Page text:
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Innovative Transit Projects Get Infusion of Federal Cash

Twenty-five transit projects from around the country received some $14 million in innovation grant funding from the Federal Transit Administration, growing projects like digital fare integration and trip-planning.

A streetcar makes its way through Houston.
A streetcar makes its way through Houston. Ridership across the Harris County service area was down 38 percent in June, compared to a year ago, as transit agencies struggle during the COVID-19 crisis.
The Federal Transit Administration provided some $14 million in innovation grants for 25 projects across the country as part of the Accelerating Innovative Mobility program.

Many of these projects aim to build improved digital systems that better integrate public transit with other transportation providers, develop trip-planning platforms or integrate fare payment systems across a number of mobility providers.

The Minnesota Department of Transportation was awarded $628,000 to develop a regional platform which will enable multimodal trip-planning and payment across a 13-county region in the southern part of the state.

“All shared mobility providers that serve the communities covered by the project will be invited to participate and be listed on the MaaS (Mobility-as-a-Service) platform,” said Christina Joyce, a spokesperson for the Minnesota Department of Transportation.

The collaboration includes seven transit agencies from across the 13 counties.

“This will include intercity bus, [Transportation Network Companies], taxis, micro-mobility, and other on-demand services,” Joyce added.

The idea of fare integration — being able to pay for an entire trip with one swipe, rather than toggling from one app to another, or multiple transactions at vending machines — is often viewed as an essential development given the rise of numerous public and private mobility options.

Nir Erez, founder and CEO of Moovit, an Israeli mobility-as-a-service (MaaS) provider and trip-planning app, anticipates this level of integration is set to move forward in the United States.

“Right now we’re paying for separate modes in separate apps, and that definitely is going to change,” said Erez, in comments during the CoMotion Miami virtual conference in early July.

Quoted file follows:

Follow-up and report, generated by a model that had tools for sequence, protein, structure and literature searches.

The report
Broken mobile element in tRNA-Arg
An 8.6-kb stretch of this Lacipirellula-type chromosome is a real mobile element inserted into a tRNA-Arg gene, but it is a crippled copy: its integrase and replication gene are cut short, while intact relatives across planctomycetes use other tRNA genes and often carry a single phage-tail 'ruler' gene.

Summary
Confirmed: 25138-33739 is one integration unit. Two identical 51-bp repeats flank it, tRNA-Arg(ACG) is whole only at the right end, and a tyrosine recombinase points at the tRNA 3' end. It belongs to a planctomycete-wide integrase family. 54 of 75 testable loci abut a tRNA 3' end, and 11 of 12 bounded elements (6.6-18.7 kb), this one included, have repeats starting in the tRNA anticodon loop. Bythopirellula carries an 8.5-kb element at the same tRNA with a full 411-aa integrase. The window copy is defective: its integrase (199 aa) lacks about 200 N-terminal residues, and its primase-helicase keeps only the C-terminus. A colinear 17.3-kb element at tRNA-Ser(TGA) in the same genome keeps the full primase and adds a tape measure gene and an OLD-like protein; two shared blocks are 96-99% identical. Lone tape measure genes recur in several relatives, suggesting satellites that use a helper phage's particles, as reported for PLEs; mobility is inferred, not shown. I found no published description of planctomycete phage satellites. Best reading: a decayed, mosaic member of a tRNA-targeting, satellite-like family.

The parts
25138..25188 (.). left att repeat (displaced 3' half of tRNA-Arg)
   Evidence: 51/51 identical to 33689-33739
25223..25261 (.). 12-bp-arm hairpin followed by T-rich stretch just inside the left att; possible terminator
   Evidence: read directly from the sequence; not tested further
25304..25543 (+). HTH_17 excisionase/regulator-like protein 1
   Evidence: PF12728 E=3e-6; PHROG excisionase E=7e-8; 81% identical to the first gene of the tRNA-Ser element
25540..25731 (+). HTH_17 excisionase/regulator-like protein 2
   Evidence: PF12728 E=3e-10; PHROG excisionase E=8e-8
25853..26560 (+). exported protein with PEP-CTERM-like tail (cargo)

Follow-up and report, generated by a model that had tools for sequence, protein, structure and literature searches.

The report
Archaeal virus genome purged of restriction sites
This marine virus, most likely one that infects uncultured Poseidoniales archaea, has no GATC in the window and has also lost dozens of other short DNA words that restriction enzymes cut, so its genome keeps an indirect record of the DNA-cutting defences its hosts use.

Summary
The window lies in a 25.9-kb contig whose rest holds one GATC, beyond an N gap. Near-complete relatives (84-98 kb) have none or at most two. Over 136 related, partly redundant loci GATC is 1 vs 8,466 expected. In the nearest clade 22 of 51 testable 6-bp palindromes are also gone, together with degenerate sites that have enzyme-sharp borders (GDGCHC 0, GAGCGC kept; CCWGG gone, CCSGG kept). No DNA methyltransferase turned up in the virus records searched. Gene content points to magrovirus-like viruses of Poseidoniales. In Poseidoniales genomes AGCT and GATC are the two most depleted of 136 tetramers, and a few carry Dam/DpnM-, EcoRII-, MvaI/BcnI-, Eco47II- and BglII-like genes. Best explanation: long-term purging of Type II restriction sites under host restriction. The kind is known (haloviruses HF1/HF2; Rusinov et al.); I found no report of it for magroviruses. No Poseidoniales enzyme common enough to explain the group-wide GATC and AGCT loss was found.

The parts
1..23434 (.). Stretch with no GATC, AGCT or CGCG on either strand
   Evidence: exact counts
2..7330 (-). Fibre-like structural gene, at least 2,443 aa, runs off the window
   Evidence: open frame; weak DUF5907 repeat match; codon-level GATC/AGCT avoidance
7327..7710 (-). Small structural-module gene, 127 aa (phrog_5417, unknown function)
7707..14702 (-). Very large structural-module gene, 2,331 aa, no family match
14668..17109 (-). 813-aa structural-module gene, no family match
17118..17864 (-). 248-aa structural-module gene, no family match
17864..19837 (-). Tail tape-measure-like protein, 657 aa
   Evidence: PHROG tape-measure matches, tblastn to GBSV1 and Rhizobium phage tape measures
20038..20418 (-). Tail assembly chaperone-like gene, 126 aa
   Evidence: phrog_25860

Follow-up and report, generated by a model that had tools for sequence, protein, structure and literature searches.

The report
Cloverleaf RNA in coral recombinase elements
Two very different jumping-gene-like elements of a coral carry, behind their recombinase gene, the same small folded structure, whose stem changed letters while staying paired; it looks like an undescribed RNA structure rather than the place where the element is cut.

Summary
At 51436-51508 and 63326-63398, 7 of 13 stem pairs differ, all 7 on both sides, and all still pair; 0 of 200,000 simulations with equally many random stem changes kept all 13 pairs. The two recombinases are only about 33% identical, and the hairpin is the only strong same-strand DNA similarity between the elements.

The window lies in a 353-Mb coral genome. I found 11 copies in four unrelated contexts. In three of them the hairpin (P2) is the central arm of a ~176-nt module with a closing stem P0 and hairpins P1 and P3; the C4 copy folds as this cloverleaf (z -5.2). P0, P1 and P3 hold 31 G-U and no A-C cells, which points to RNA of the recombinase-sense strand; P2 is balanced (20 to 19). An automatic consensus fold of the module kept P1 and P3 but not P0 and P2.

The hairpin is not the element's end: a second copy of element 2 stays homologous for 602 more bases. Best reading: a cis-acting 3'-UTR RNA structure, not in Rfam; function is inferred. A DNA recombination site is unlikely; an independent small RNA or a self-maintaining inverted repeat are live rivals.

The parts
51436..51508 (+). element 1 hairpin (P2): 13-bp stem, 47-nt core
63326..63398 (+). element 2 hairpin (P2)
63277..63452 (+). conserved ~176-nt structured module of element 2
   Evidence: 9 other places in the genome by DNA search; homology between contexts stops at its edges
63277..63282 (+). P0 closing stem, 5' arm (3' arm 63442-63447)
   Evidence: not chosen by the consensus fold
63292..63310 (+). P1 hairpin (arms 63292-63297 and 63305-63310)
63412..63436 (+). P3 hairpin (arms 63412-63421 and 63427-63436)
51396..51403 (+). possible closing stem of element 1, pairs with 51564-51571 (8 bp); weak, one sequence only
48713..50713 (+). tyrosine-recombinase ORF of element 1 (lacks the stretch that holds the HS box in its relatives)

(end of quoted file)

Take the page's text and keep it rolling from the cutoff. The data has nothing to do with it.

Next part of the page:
“In 2022 we will see significant improvement in the way we use multimodal transit,” he added, noting, “paying for public transit, or different modes of transportation, is highly regulated and it’s hyper-local.”

Ultimately, it’s local transit agencies who must take the lead on these projects, said Erez.

The city of Highland Park in Michigan was awarded $225,500 to develop a similar project with trip-planning, booking and payment abilities, while a project in Houston was awarded nearly $1.5 million for an autonomous shuttle project to serve Texas Southern University and the University of Houston campuses. The AV shuttle will operate in mixed vehicular traffic, with METRO, the region’s transit provider, taking the lead on the project.

The first phase of the project began in June last year, largely serving the TSU campus. Eventually, when METRO phases out the TSU and University of Houston project, the shuttle will be put into service accessing a transit center, said Monica Russo, a METRO spokesperson.

“Later, as METRO continues to phase out the project, it will connect to the Purple Line light rail and the Eastwood Transit Center,” Russo explained, adding that there is not yet a timeline for the second phase.

Projects like these help to build partnerships among transit providers and the many other mobility offerings increasingly depended upon, said Sharon Feigon, founder and executive director of the Shared-Use Mobility Center.

“Cities and agencies applied to the FTA grant program pre-COVID because they were really thinking about innovation and how to create more opportunities for customers. Now in the midst of the COVID crisis, these projects are taking on more relevance as commute patterns change and people are looking for different kinds of options,” said Feigon in a statement.

“One of the interesting things about the work we are doing is that we’re not only helping agencies with specific projects but linking them with other agencies and partners that have tried these ideas,” she added. “The focus is on learning what works and what can be scaled up. It’s commendable that despite limited finances, agencies are still eager to test new ideas and explore opportunities. They’re resilient and committed to making them work.”

Skip Descant writes about smart cities, the Internet of Things, transportation and other areas. He spent more than 12 years reporting for daily newspapers in Mississippi, Arkansas, Louisiana and California. He lives in downtown Yreka, Calif.